First and foremost, share your story! Polling shows support for climate action across the nation, but most people never talk about it with each other. Your voice is the most powerful tool to motivate those around you to make climate justice a priority in 2020. Help generate support around the dinner table, at the bus stop, in your networks, or in your local news, listen to those around you and build connections around shared goals.
Learn your candidates’ priorities for climate action. More than 90,000 local units of government can have a dramatic impact on climate action. Candidates depend on voter support and respond to demands they hear from their communities, make sure they’re hearing from you.
Help combat lies by sharing reliable information. Many voting procedures are shifting to protect voters from COVID-19 this year, so share updates from your local election offices. Report misinformation which may constitute voter fraud, especially dangerous as a majority of people get their news on social media.
Make a plan to vote — do not take anything for granted. Make sure your registration is current, request an absentee ballot, and vote early. If you plan to vote in person, check your polling place location. Know your voter rights in your state. We are part of an exciting coalition of youth climate partners sharing easy tools to help you prepare to vote across the U.S. at enough2020.org. Check it out!
Bring others into action with you! Help your friends be voters. Ask them how they will vote, make sure you each have a plan, know your state deadlines and have what you need whether an ID in some states or postage or transportation to cast your ballot on time. Fun peer pressure can encourage everyone to participate safely together whether voting early by mail, at an early voting center, or at your polling place on Election Day.
Having fun yet? Keep going! There are many ways to engage voters beyond the ballot:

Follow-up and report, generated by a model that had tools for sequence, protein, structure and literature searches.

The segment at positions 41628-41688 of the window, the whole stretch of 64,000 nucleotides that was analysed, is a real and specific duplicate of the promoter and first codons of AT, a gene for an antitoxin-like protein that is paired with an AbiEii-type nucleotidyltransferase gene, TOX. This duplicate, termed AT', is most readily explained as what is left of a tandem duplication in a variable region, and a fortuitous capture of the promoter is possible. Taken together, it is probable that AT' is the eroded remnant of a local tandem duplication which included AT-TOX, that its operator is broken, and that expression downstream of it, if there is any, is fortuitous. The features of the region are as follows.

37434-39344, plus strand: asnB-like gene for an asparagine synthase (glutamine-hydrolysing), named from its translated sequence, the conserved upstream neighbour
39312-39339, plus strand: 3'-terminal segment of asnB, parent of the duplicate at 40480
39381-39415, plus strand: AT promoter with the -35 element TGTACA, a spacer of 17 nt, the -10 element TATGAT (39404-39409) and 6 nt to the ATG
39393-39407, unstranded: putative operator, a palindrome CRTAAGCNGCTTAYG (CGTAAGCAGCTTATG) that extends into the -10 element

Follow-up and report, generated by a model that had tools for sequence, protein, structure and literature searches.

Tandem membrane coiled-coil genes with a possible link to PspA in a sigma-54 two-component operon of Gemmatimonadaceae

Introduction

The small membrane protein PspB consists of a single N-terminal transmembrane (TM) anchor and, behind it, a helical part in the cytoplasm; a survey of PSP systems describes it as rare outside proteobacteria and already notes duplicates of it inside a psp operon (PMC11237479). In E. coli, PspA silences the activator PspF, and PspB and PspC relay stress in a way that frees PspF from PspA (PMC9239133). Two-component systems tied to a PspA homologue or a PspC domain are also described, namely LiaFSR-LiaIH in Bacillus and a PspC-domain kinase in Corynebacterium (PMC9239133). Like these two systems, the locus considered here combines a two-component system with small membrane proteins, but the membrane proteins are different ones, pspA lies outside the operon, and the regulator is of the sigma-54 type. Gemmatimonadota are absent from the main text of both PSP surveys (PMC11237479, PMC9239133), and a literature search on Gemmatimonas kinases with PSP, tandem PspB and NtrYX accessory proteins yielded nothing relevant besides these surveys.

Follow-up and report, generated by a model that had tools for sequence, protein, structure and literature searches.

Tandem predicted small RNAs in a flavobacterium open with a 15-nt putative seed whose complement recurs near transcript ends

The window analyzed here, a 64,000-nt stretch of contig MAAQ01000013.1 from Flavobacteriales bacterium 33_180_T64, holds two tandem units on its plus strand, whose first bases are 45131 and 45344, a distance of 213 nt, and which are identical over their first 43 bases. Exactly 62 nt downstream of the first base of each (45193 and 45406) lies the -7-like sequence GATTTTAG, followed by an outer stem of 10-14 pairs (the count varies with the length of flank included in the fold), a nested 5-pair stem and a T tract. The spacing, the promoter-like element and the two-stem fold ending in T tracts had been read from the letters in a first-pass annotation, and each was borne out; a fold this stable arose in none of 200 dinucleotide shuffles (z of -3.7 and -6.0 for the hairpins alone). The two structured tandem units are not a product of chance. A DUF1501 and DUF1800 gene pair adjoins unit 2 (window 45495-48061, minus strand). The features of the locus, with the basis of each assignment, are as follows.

- Find a phone bank or write postcards to turn out voters, on your own or work or volunteer with a team through election day.
- Contact your candidates before and after election day to share your goals for climate action and pressure them to commit to act on climate.
- Help staff the polls! Many poll workers are unable to work this year due to health risks, and help is needed nationwide to keep polling places safe for those unable to vote from home.
- What a better time to try something new, even if it’s uncomfortable — reach out to ClimateGen for help getting started!
Election Day decides who we will work with to advance climate solutions, and it’s just the start. Stay involved after November 3 and hold elected officials accountable to all those they represent and to the health and sustainability of your community and future generations.
Our combined crises of a global pandemic, racial injustice and state violence, our economic recession, and the climate crisis are all intertwined, and we must move solutions that address every intersection for our collective survival.
It is crucial, now more than ever, that the election results reflect the voice of the people, and we must all work hard to ensure that happens. The next few years hold real challenges — the outcome of the upcoming election will set the course for how these overlapping issues are addressed in our country at every level. There has never been a more important time in history to demand bold action for climate justice and to deeply transform our world. Step into your power by sharing your voice along with your vote as we build communities of climate leaders.